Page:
Pennie Dodds

Luke Wolfenden2
Christophe Lecathelinais2
2Luke Wolfenden
2Christophe Lecathelinais
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In most of the long history of the study of absolute identification--since Miller's (1956) seminal article--a severe limit on performance has been observed, and this limit has resisted improvement even by extensive practice. In a startling result, Rouder, Morey, Cowan, and Pfaltz (2004) found substantially improved performance with practice in the absolute(More)
BACKGROUND An increased prevalence of risky alcohol consumption and alcohol-related harm has been reported for members of sporting groups and at sporting venues compared with non-sporting populations. While sports clubs and venues represent opportune settings to implement strategies to reduce such risks, no controlled trials have been reported. The purpose(More)
BACKGROUND Childcare services represent a valuable obesity prevention opportunity, providing access to a large portion of children at a vital point in their development. Few rigorously validated measures exist to measure healthy eating and physical activity policies and practices in this setting, and no such measures exist that are specific to the childcare(More)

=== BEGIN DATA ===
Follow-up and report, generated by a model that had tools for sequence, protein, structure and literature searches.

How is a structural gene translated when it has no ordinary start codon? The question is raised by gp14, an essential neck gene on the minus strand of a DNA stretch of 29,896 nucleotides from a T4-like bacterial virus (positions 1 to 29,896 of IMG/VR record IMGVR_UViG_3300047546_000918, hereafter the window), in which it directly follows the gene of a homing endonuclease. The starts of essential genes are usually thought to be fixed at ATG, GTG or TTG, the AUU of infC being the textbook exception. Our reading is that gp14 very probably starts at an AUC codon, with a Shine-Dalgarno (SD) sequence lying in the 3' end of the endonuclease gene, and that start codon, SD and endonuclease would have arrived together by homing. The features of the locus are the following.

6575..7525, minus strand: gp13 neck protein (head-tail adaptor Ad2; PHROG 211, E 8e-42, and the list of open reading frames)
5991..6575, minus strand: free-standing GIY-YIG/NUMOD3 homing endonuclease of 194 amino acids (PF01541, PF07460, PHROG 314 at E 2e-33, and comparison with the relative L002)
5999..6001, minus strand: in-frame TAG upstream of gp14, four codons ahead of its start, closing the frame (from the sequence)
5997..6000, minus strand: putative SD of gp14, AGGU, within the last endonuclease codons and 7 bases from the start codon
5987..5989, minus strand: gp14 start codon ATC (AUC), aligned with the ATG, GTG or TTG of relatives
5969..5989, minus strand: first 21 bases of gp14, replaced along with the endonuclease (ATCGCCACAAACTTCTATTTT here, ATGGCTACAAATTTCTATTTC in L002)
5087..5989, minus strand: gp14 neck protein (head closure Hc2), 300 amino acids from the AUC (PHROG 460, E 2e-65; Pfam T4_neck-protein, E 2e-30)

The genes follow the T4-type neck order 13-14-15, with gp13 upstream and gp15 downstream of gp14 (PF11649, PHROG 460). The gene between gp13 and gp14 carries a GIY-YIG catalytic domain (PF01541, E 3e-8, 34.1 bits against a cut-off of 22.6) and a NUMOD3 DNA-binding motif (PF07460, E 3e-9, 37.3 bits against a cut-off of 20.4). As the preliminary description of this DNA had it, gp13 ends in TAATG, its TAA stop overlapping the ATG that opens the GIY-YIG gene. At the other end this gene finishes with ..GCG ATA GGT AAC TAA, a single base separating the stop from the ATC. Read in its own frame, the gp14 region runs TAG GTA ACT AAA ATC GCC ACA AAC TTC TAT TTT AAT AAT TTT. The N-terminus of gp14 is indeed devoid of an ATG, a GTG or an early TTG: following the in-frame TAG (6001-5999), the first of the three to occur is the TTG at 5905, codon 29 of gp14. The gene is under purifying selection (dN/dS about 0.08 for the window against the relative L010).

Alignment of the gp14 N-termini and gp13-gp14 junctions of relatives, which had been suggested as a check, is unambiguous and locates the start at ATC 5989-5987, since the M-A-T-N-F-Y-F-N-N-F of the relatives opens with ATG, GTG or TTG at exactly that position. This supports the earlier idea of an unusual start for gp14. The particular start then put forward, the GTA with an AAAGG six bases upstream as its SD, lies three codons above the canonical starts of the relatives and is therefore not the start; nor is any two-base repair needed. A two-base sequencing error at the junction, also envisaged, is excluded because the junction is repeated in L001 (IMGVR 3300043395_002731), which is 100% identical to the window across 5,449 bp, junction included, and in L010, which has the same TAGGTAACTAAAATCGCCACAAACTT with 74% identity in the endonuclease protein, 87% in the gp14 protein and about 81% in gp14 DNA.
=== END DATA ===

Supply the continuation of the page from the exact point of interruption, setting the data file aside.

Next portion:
Miller (1956) identified his famous limit of 7 ± 2 items based in part on absolute identification-the ability to identify stimuli that differ on a single physical dimension, such as lines of different length. An important aspect of this limit is its independence from perceptual effects and its application across all stimulus types. Recent research, however,(More)
The bow effect is ubiquitous in standard absolute identification experiments; stimuli at the center of the stimulus-set range elicit slower and less accurate responses than do others. This effect has motivated various theoretical accounts of performance, often involving the idea that end-of-range stimuli have privileged roles. Two other phenomena (practice(More)
Unidimensional absolute identification-identifying a presented stimulus from an ordered set-is a common component of everyday tasks. Laboratory investigations have mostly used equally spaced stimuli, and the theoretical debate has focused on the merits of purely relative versus purely absolute models. Absolute models incorporate substantial knowledge of the(More)
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